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Sparkling water is making a splash

The bubbly market for sparkling water
The bubbly market for sparkling water 03:41

What was silly business for The Three Stooges, who made a career out of squirting seltzer bottles, is all business for Alex Gomberg. He's a fourth-generation seltzer man, working at the Brooklyn-based company started by his great-grandfather, Moe.

You could say seltzer is in his blood.

Correspondent Serena Altschul asked, "What's really changed since your great-grandfather was doing this?"

"As far as the process? Nothing," Gomberg replied.

Each vintage bottle is filled with just two things: New York City tap water, chilled to 42°, and a charge of carbon dioxide.

Vintage seltzer bottles. CBS News

Gomberg doesn't just make the stuff; he delivers it. And what's crystal clear is, across America, this pressurized mix is having a moment.

But is it seltzer or sparkling water?  Melanie Hansche, an editor at Food and Wine Magazine, said, "I think they're all variations on a theme. And I think ultimately, it's just all bubbly water. To me, anything that's water-based that has bubbles in it is just bubbly water."

And bubbly water – whether with CO2 added or carbonated naturally – is booming.

"Sales of bubbly water, of sparkling water, have more or less tripled in the last ten years," Hansche said. "And that can be really attributed to one big food trend, and that's the trend towards health and wellness, and essentially the demonization of sugar in drinks."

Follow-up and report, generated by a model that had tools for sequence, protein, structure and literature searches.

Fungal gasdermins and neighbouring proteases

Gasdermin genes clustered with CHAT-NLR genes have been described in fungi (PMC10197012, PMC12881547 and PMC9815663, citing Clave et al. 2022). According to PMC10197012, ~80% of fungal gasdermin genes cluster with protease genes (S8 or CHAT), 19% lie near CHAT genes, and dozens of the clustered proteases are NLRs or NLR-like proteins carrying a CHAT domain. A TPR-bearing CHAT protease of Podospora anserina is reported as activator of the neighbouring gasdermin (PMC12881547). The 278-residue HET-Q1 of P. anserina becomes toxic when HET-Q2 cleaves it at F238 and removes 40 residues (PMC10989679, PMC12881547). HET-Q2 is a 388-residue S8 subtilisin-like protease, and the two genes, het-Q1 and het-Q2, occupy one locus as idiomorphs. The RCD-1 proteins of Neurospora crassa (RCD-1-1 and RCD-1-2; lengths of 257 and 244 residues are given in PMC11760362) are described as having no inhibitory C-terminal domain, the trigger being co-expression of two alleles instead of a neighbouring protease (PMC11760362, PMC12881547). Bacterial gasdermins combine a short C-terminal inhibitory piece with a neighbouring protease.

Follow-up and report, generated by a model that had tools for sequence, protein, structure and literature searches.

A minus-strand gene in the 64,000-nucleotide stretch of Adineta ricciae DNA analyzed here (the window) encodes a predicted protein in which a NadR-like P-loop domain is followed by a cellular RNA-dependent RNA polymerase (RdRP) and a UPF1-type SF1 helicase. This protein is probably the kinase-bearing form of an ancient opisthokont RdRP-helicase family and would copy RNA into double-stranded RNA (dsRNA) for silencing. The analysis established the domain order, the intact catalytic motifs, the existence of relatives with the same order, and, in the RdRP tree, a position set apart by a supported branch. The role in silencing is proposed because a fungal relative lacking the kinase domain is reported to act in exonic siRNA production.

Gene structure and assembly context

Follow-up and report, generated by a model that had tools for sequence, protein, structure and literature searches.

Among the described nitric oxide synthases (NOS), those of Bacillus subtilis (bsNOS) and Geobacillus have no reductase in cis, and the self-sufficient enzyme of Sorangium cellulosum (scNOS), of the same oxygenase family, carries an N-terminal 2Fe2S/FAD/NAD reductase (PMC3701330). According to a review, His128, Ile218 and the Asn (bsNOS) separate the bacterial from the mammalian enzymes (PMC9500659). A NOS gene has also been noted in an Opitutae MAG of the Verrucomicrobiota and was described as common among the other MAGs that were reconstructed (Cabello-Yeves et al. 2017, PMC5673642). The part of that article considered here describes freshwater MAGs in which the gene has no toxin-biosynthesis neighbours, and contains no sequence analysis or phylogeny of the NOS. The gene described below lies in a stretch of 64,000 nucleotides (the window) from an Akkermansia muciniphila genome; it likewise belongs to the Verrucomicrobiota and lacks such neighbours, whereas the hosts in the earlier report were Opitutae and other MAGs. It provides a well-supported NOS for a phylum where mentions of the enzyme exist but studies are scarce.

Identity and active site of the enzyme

One of the biggest sellers is La Croix, but it's a crowded market with many brands and flavors. Some are even spiked with alcohol.

For Barry Joseph, this is way more than a trend: "I like to say to people, 'Welcome to the Age of Effervescence.'"

Joseph is an expert on the subject, and even wrote the book on it, "Seltzertopia."

 So, did someone invent seltzer? "We wouldn't have seltzer today if it weren't for Joseph Priestley," said Joseph. "At the end of the 18th century, this religious leader in England [and] scientist on the side, was fascinated with how, when you hold CO2 over water, and you combine it together, that carbonation would stay in that water if you held it under pressure."

 "So, it's water plus an experience," said Altschul.

"That's right. That experience of having the water enter their mouth and create this taste sensation that could be sometimes shocking, sometimes crisp, sometimes harsh, but always satisfying."

"Some people will say, 'I'm not a seltzer person, I'm a sparkling water girl.' What does that mean?"

"I would say it's all the same thing, it's all just branding, it's all just marketing.

"It's all just carbonated water."

Altschul asked, "What would the world be without seltzer and sparkling water?"

"Much flatter!" he replied. 

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Story produced by Gabriel Falcon.

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